Re: USRP push-to-talk?

all,

I am interested in controlling the USRP to do a half duplex operation:
(when I
say transmit, stop receiving, and when I say receive, stop transmit). I
have
been reading about the output enable registers, and in a previous
discussion,
you suggested doing something like:

u_rx = usrp.source_c()
u_rx.subdev = …

u_tx = usrp_sink_c()
u_tx.subdev = …

and for a transmit only you might do: u_tx._write_oe(u_tx.subdev._which,
0xffff,
0xffff)
and likewise for the receive only.

I am nervous about this option after reading the in the comments: “Using
this
method incorrectly will kill your USRP motherboard and / or
daughterboard.”
I’m guessing that the way in which you have suggested above is
sufficient, but
are there some caviats that I should be aware of the would make me break
the
USRP? Also, the first arguement in the _write_oe method is the “value”
and the
second is the “mask”. I’m a bit confused as to what is meant by the
two. are
there ever cases where the “value” and the “mask” are different? From
the
comments I know that value is “value to write into register” and mask is
“which
bits of value to write into reg.” During default operation (or in auto
switching), I’m guessing that the mask is changed to allow for flexible
changes
in the data flow in Transmit and Receive (Am I close??). Is it
dangerous to
write to the write_oe register often?? There may be times where it would
be
helpful for it to change from TX to RX to TX in under a second…

Also, in a previous e-mail you suggested using Auto T/R in a
push-to-talk case.
Would this help in the situation where I want just a half-duplex system?
My
understanding of the Auto T/R says no, but that doesn’t mean that I’m
right :wink:

Thanks!

David S.

On Mon, Nov 13, 2006 at 09:39:30PM -0500, [email protected] wrote:

u_tx = usrp_sink_c()
USRP? Also, the first arguement in the _write_oe method is the “value” and the
second is the “mask”. I’m a bit confused as to what is meant by the two. are
there ever cases where the “value” and the “mask” are different? From the
comments I know that value is “value to write into register” and mask is “which
bits of value to write into reg.”

The value and mask are used to atomically change only a subset of the
bits in a control word. If reg is the current state, then this is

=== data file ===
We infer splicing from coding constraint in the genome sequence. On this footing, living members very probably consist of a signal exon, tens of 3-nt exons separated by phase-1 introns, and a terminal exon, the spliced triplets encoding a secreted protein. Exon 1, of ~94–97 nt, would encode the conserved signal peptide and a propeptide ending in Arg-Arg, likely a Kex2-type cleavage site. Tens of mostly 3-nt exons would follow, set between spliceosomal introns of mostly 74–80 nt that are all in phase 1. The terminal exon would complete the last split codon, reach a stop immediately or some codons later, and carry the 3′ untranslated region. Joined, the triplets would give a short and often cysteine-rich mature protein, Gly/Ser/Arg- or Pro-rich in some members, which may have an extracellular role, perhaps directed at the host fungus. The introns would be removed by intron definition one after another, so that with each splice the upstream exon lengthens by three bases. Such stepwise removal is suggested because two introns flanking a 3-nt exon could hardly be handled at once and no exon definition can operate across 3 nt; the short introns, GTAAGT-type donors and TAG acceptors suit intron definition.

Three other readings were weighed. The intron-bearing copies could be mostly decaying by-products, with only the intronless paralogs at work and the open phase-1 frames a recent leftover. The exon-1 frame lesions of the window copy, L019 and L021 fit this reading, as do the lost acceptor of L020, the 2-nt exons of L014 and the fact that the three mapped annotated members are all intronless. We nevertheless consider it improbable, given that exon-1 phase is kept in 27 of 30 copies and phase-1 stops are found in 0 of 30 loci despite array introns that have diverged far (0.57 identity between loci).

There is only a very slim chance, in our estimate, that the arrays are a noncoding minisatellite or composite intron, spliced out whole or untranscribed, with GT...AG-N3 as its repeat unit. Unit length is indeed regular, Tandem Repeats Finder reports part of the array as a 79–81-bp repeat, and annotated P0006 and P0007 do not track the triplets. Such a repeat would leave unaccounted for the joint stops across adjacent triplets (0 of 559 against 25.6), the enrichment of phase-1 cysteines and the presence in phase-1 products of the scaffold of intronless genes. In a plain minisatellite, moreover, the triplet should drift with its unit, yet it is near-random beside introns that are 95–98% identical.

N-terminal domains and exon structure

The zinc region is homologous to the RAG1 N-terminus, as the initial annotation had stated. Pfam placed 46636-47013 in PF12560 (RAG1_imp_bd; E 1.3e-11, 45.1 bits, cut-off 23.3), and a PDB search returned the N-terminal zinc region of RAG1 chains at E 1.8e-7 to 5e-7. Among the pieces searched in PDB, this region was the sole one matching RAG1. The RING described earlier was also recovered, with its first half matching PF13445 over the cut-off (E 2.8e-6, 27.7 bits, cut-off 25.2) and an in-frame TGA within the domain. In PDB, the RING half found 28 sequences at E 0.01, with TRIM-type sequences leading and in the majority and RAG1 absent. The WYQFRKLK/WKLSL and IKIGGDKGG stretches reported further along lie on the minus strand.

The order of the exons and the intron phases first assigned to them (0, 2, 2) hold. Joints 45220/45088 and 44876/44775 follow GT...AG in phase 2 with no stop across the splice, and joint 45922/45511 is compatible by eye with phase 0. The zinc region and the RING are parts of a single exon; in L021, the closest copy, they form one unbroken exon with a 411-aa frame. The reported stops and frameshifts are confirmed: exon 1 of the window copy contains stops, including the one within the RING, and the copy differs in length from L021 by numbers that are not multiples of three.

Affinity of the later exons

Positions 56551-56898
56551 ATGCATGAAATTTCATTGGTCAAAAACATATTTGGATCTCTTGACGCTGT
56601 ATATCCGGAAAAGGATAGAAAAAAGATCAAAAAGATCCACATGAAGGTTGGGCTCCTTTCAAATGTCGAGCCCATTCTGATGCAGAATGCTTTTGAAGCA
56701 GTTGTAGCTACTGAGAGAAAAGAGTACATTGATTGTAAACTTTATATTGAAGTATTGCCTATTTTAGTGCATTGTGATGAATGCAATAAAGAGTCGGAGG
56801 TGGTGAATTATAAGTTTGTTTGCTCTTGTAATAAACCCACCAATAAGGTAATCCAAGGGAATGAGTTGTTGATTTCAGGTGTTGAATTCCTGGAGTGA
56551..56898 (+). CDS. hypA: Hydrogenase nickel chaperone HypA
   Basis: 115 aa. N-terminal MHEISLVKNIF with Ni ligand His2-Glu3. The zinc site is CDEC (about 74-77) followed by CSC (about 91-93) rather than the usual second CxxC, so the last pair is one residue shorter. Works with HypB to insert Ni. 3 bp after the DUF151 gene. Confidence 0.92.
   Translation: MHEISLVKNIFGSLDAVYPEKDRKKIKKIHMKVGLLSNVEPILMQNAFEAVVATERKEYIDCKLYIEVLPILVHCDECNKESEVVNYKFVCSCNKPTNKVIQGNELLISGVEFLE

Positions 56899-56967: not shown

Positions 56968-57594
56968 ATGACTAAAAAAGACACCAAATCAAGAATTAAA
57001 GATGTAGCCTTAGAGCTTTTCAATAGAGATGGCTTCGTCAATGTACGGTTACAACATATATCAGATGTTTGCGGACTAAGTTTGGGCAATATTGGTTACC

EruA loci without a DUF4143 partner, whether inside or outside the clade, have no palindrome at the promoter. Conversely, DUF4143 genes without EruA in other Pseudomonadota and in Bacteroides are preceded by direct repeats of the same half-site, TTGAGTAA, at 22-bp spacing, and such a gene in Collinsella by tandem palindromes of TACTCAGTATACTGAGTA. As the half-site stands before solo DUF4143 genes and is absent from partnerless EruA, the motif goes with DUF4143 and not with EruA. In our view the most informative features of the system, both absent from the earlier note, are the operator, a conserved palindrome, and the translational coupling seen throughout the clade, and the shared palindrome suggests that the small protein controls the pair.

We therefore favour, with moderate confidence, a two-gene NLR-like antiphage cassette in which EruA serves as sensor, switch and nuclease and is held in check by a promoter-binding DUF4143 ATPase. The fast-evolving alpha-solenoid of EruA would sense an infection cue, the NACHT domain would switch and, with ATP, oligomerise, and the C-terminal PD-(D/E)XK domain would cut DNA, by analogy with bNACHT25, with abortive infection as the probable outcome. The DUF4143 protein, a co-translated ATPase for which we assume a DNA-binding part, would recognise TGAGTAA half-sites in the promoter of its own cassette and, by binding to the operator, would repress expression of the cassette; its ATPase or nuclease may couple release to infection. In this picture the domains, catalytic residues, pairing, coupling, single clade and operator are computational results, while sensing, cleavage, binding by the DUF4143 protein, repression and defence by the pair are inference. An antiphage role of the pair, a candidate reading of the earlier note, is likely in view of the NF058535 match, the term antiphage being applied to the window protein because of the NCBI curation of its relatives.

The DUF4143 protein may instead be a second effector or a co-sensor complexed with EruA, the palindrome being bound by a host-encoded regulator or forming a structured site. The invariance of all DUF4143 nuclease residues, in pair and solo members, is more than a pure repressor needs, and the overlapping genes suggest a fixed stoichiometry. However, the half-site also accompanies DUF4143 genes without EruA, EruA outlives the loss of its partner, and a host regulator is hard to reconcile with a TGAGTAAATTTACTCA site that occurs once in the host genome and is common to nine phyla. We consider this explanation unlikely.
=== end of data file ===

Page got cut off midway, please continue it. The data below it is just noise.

what happens:

reg = (reg & ~mask) | (value & mask)

During default operation (or in auto
switching), I’m guessing that the mask is changed to allow for flexible changes
in the data flow in Transmit and Receive (Am I close??). Is it dangerous to
write to the write_oe register often?? There may be times where it would be
helpful for it to change from TX to RX to TX in under a second…

Just to back up a minute, what are you trying to do?
Are you controlling some external T/R switch?

Independent of all of that there are two controls for each i/o pin:

The output enable (which controls whether the bit is an output from
the FPGA or an input), and the value that’s written to the pins.

Within a given application, you generally call _write_oe once,
and then control the value of the bits you care about by using
with write_io

/*!

  • \brief Write direction register (output enables) for pins that go
    to daughterboard.
  • \param which_dboard [0,1] which d’board
  • \param value value to write into register
  • \param mask which bits of value to write into reg
  • Each d’board has 16-bits of general purpose i/o.
  • Setting the bit makes it an output from the FPGA to the d’board.
  • This register is initialized based on a value stored in the
  • d’board EEPROM. In general, you shouldn’t be using this routine
  • without a very good reason. Using this method incorrectly will
  • kill your USRP motherboard and/or daughterboard.
    */
    bool _write_oe (int which_dboard, int value, int mask);

/*!

  • \brief Write daughterboard i/o pin value
  • \param which_dboard [0,1] which d’board
  • \param value value to write into register
  • \param mask which bits of value to write into reg
    */
    bool write_io (int which_dboard, int value, int mask);

Also, in a previous e-mail you suggested using Auto T/R in a push-to-talk case.
Would this help in the situation where I want just a half-duplex system? My
understanding of the Auto T/R says no, but that doesn’t mean that I’m right :wink:

If you stall the transmit pipeline unless the user is pressing the PTT
button, then Auto T/R is what you want. In that case, the receiver is
always running, but the transmitter is only producing output when it’s
not stalled.

If Tom’s around, check with him. He and I talked about ways to do this.

Eric

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